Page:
•New Fund Risk. The Fund is a recently organized investment company with no operating history. As a result, prospective investors have no track record or history on which to base their investment decision.
•Passive Investment Risk. The Fund is not actively managed, and its sub-adviser would not sell shares of an equity security due to current or projected underperformance of a security, industry, or sector, unless that security is removed from the Index
or the selling of shares of that security is otherwise required upon a reconstitution or rebalancing of the Index in accordance with the Index methodology.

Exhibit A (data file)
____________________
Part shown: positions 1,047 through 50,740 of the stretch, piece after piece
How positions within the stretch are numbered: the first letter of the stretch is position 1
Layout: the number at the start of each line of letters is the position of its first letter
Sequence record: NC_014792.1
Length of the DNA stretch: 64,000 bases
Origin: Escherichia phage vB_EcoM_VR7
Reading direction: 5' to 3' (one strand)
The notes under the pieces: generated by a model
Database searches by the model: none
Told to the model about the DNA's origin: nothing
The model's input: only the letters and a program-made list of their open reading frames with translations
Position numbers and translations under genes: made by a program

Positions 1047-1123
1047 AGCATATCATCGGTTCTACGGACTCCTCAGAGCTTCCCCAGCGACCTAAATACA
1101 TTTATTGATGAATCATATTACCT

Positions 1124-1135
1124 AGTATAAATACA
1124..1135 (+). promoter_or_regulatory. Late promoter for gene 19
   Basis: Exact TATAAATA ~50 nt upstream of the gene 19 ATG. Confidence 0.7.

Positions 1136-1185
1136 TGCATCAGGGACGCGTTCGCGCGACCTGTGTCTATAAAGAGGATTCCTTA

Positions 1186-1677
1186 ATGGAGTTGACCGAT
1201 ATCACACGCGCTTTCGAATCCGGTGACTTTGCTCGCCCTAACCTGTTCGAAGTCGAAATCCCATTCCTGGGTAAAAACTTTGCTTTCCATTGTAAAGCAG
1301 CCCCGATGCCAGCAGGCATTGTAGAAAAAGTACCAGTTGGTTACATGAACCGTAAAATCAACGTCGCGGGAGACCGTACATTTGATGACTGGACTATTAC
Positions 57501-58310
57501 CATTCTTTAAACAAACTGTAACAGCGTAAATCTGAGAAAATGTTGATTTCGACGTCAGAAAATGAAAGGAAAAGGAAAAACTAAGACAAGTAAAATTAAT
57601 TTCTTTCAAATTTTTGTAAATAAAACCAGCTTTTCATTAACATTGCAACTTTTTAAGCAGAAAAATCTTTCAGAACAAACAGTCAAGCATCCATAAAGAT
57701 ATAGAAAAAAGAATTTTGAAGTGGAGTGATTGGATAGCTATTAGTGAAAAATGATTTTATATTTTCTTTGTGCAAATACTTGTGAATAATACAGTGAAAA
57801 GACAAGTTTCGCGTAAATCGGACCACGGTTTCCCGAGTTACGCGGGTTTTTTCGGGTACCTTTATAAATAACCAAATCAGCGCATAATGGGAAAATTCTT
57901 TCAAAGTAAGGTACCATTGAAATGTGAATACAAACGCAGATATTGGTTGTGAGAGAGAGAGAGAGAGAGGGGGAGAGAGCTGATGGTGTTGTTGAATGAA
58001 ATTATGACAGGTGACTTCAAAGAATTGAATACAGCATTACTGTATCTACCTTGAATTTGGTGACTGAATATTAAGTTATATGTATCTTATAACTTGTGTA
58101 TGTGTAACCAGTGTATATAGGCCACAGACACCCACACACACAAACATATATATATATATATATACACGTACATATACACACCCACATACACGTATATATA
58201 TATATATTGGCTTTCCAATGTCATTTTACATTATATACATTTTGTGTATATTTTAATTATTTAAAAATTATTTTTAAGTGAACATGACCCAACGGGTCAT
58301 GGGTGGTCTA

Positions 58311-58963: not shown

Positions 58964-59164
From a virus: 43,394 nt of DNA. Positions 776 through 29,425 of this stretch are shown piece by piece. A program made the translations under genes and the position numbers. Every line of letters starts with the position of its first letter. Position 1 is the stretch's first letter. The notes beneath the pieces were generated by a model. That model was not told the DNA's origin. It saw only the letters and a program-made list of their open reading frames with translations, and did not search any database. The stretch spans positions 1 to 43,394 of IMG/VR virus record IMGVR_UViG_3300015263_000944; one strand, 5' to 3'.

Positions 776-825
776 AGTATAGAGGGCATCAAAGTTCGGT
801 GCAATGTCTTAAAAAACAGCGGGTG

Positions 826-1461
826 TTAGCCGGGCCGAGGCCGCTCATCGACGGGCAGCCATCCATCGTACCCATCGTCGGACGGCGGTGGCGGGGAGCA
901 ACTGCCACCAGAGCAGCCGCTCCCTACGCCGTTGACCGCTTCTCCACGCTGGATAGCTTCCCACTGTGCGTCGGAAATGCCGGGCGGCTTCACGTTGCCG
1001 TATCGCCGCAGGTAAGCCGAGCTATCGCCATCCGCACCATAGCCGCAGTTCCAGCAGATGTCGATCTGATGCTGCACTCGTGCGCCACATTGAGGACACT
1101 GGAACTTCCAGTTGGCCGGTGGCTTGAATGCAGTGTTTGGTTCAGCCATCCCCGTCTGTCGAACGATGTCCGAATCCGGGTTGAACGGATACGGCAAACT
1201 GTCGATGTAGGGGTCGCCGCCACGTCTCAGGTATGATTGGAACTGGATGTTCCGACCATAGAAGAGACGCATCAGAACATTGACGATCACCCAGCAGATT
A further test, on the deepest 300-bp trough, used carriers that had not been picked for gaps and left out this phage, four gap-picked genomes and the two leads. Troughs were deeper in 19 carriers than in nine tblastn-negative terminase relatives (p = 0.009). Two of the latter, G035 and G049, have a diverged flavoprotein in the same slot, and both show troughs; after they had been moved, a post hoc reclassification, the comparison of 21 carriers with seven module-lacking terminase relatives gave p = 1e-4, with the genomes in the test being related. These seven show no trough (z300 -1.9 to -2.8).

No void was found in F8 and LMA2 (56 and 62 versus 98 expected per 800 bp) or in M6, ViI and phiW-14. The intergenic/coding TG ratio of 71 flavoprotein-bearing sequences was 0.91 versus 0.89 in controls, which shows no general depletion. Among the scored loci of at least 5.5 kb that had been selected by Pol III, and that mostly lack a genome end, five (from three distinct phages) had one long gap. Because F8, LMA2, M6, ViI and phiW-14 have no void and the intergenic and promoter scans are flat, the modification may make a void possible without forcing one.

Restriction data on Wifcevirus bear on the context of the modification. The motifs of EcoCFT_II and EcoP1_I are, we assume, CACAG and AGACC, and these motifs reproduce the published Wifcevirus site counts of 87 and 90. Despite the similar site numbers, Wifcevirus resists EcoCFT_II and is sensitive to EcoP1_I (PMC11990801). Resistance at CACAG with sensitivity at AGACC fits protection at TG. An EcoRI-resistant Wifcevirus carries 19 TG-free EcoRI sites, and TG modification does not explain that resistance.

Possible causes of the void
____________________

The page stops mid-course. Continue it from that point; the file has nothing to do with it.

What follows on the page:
•Preferred Securities Risk. Preferred securities may pay fixed or adjustable rates of return and are subject to many of the risks associated with debt securities (e.g., interest rate risk, call risk and extension risk). In addition, preferred securities are subject to issuer-specific and market risks applicable generally to equity securities. Because many preferred securities allow the issuer to convert their preferred security into common stock, preferred securities are often sensitive to declining common stock values. A company’s preferred securities generally pay dividends only after the company makes required payments to holders of its bonds and other debt. For this reason, the value of preferred securities will usually react more strongly than bonds and other debt to actual or perceived changes in the company’s financial condition or prospects. Preferred securities of smaller companies may be more vulnerable to adverse developments than preferred stock of larger companies.